Example – a falling object
time velocity 0 s 0 m/s 1 s 10 m/s 2 s 20 m/s 3 s 30 m/s 4 s 40 m/s 5 s 50 m/s + 10 m/s Change in velocity, or acceleration 10 m/s/s or, 10 m/s2

Snapshots of a falling ball taken at equal time intervals
Ball starts falling here from rest the ball falls through larger distances for each second that it descends red arrows are velocity green arrows are displacement

How to calculate weight
Weight (w) = mass (m) x acceleration due to gravity (g) w = m  g = mg Units to be used in this formula: m is in kilograms (kg) g  10 m/s2 w is in force units called Newtons (N)  means approximately equal to

example Question: What is the weight of a 100 kg object?
Answer: w = m x g = 100 kg x 10 m/s2 = 1000 N One Newton is equal to pounds (lb), so in these common units 1000 N = 225 lb Often weights are given by the equivalent mass in kilograms. We would say that a 225 lb man “weighs” 100 kg; this is commonly done but, it is technically incorrect.

Compared to Earth, you weigh more on Jupiter and less on the Moon
Your mass is the same everywhere, but your weight depends on where you are, since g depends on the mass of the planet. On the moon g  1.6 m/s2  (1/6) g on earth, so your weight on the moon is only (1/6) your weight on earth On Jupiter, g  23 m/s2  2.3 g on earth, so on Jupiter you weigh 2.3 times what you weigh on earth

Get on the scale: How to weigh yourself
mass m weight spring force

Free Fall Galileo showed that all objects (regardless of mass) fall to earth with the same acceleration  g = 10 m/s2 This is only true if we remove the effects of air resistance. [feather and quarter] We can show this by dropping two objects inside a tube that has the air removed, or on the moon which has no atmosphere, because its gravity is too weak to hold on to one [video]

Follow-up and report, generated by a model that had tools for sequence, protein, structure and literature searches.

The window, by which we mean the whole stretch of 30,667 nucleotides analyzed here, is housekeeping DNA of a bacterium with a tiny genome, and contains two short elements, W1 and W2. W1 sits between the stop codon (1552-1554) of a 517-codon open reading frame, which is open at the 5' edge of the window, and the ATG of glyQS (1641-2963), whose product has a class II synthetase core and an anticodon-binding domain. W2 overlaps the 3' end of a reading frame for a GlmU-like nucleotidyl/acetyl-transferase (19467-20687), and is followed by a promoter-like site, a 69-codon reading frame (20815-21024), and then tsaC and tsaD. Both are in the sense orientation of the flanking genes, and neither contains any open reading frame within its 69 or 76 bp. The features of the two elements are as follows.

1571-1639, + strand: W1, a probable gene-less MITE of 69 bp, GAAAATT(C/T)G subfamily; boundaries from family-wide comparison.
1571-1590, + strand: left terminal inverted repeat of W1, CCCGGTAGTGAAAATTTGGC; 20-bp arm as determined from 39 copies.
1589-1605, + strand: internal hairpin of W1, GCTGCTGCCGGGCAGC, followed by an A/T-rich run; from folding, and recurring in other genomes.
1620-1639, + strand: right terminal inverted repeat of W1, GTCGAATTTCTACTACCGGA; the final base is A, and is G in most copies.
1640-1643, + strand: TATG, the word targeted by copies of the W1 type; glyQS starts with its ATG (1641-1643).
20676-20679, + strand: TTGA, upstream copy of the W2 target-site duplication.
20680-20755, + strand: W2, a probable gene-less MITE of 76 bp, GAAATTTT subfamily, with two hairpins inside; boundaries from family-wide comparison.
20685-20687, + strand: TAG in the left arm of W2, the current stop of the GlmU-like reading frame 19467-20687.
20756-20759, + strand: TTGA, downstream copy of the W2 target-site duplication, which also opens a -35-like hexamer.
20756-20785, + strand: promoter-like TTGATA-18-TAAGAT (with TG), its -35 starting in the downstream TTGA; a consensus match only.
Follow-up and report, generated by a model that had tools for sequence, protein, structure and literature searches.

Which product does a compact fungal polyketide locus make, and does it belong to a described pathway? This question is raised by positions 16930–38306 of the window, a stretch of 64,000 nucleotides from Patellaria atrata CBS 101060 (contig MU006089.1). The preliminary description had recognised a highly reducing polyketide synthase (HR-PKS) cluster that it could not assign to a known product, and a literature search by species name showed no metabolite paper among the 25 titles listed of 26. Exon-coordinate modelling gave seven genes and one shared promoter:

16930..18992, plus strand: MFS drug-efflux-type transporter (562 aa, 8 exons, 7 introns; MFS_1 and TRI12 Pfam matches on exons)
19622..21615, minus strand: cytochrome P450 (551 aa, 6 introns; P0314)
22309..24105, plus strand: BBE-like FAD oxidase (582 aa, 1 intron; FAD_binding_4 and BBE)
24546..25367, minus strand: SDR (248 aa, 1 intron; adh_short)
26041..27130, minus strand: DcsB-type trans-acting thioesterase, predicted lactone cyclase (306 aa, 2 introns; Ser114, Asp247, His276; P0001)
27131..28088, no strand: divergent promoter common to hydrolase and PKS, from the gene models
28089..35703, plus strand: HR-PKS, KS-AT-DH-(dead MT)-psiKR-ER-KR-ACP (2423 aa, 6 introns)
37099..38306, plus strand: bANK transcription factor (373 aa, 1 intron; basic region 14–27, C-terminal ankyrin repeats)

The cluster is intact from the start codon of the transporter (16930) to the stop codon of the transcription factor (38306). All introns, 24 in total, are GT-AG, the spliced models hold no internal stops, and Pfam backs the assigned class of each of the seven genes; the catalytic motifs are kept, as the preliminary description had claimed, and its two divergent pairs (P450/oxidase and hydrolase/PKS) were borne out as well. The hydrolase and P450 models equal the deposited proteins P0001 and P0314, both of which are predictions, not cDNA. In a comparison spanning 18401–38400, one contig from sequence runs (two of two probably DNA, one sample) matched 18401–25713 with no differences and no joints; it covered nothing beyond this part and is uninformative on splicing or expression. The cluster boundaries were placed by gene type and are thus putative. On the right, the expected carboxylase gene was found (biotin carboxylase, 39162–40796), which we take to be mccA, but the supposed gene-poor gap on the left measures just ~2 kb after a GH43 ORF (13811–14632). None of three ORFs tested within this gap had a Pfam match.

Galileo’s experiments
m m2 Galileo showed this by dropping 2 objects of different mass, from the same height, H, and measuring how long they took to reach the ground If H isn’t too big, then air resistance is not a big effect H m1 does not equal m2

On the other hand . . . If you drop an object from a small height it falls so quickly that it is difficult to make an accurate measurement of the time We can show experimentally that it takes less than half a second for a mass to fall 1 meter. (demo) Galileo did not have an accurate clock, so he reduced the effect of gravity by using inclined planes

Galileo used inclined planes to reduce the effect of gravity

What did Galileo learn from the inclined plane experiments?
He measured the time it took for different masses to fall down the inclined plane. He found that different masses take the same time to fall down the inclined plane. Since they all fall the same distance, he concluded that their accelerations must also be the same. By using different distances he was able to discover the relation between time and distance. To reduce the effects of friction, Galileo made the balls roll down the inclined plane

How did Galileo measure time?
Galileo used his own pulse to measure the time, or, a pendulum.